When I first unpackaged Molt in Neotropical Birds, I was a bit puzzled by the cover photograph. It shows a representatively exotic and clandestine‐looking Amazonian species, a Collared Puffbird (Bucco capensis) as I later learned from page 119, with intricate orange, rufous, and black plumage and a large, bright orange bill. However, it appeared to be in the hand and not happy about it, looking a bit disheveled, only partially framed, and obliquely staring at the photographer, displaying both an annoyed and an amusingly evil look to its partially cloaked, orange‐yellow eye. Wouldn't having one of its wings nicely spread, so emblematic of bird molt study these days, been preferable? However, immediately afterwards, I asked myself what any of the ± 10 of us in the world who are passionate about bird molt would ask: “What the heck are the molt strategies of this creature?” Crickets. Well, I guess I will just have to turn to page 119 to find out. It then hit me that perhaps the cover image perfectly epitomized this work's essence and fundamental necessity. The look in that eye: a bit annoyed that we will learn something about its molt patterns as they apply to Neotropical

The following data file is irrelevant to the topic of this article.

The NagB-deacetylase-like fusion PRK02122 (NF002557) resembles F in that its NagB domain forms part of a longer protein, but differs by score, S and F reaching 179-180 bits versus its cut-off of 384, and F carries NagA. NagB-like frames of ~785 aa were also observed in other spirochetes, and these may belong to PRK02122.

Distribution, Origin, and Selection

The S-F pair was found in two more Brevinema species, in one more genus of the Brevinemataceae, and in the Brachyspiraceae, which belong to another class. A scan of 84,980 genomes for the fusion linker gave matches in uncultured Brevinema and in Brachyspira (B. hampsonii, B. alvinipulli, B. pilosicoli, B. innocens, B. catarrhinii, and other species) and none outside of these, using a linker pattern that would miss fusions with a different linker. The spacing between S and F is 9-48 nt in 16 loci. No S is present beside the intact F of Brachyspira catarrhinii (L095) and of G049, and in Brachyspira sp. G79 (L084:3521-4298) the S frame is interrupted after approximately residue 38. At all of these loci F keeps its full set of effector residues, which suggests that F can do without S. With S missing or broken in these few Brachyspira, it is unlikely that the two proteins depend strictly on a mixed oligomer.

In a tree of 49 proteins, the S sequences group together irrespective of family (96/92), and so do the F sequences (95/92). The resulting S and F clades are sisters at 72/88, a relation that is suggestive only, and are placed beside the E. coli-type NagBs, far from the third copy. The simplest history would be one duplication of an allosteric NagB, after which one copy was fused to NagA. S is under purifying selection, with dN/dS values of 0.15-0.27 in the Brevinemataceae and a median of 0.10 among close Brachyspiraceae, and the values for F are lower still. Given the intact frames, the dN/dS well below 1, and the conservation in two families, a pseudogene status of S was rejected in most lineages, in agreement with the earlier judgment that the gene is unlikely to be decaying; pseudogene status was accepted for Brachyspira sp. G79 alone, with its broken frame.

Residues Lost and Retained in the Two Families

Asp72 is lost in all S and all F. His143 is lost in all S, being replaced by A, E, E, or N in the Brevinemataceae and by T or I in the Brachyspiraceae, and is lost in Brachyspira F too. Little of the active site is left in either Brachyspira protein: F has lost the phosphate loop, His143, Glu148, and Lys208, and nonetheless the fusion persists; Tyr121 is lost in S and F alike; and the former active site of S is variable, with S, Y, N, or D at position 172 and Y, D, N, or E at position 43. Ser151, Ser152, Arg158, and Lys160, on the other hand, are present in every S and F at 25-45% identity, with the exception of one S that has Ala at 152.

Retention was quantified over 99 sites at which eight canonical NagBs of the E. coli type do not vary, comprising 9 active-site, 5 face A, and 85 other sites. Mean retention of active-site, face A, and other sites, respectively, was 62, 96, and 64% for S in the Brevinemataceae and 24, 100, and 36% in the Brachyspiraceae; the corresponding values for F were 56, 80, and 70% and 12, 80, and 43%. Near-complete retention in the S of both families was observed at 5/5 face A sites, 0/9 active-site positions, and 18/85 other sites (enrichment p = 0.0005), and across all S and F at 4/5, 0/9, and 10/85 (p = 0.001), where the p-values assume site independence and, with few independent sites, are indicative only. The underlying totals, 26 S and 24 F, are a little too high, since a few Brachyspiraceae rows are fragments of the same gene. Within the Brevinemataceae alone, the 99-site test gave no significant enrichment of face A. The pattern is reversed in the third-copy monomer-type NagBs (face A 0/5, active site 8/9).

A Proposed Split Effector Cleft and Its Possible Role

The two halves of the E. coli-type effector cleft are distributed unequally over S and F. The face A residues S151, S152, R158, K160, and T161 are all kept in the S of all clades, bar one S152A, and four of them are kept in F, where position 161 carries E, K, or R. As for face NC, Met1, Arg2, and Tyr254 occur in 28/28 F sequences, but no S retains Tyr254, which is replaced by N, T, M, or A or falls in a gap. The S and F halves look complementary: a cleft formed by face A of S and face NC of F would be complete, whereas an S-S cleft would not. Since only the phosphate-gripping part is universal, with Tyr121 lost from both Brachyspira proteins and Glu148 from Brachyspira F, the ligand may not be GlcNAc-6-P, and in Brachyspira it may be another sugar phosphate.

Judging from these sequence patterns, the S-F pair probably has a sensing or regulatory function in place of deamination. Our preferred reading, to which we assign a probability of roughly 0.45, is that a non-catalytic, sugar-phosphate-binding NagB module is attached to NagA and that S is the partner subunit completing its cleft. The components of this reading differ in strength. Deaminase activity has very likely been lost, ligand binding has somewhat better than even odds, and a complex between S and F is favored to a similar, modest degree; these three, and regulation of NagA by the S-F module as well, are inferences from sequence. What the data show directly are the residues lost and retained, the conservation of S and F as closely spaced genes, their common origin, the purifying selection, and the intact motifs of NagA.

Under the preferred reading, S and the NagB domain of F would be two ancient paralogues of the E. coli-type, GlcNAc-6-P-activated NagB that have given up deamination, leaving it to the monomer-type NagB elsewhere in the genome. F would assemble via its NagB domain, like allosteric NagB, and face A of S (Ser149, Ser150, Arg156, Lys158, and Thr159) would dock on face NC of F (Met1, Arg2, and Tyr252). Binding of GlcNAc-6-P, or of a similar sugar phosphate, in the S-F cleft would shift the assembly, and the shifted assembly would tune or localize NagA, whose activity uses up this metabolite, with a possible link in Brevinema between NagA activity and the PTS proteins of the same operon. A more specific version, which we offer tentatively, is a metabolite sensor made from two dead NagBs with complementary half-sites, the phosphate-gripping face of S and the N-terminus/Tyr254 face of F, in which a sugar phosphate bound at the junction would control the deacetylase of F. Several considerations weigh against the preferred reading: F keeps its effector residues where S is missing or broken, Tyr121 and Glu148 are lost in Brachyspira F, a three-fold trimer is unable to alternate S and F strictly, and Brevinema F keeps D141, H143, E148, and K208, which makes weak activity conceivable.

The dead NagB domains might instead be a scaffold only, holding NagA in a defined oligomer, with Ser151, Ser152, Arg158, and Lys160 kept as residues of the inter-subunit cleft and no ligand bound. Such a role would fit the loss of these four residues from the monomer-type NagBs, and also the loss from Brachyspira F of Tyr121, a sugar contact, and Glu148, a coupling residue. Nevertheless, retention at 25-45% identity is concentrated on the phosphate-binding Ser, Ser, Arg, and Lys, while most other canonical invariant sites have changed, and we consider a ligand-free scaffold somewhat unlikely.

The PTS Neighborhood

Journal of Field Ornithology – Wiley
Published: Jan 1, 2018
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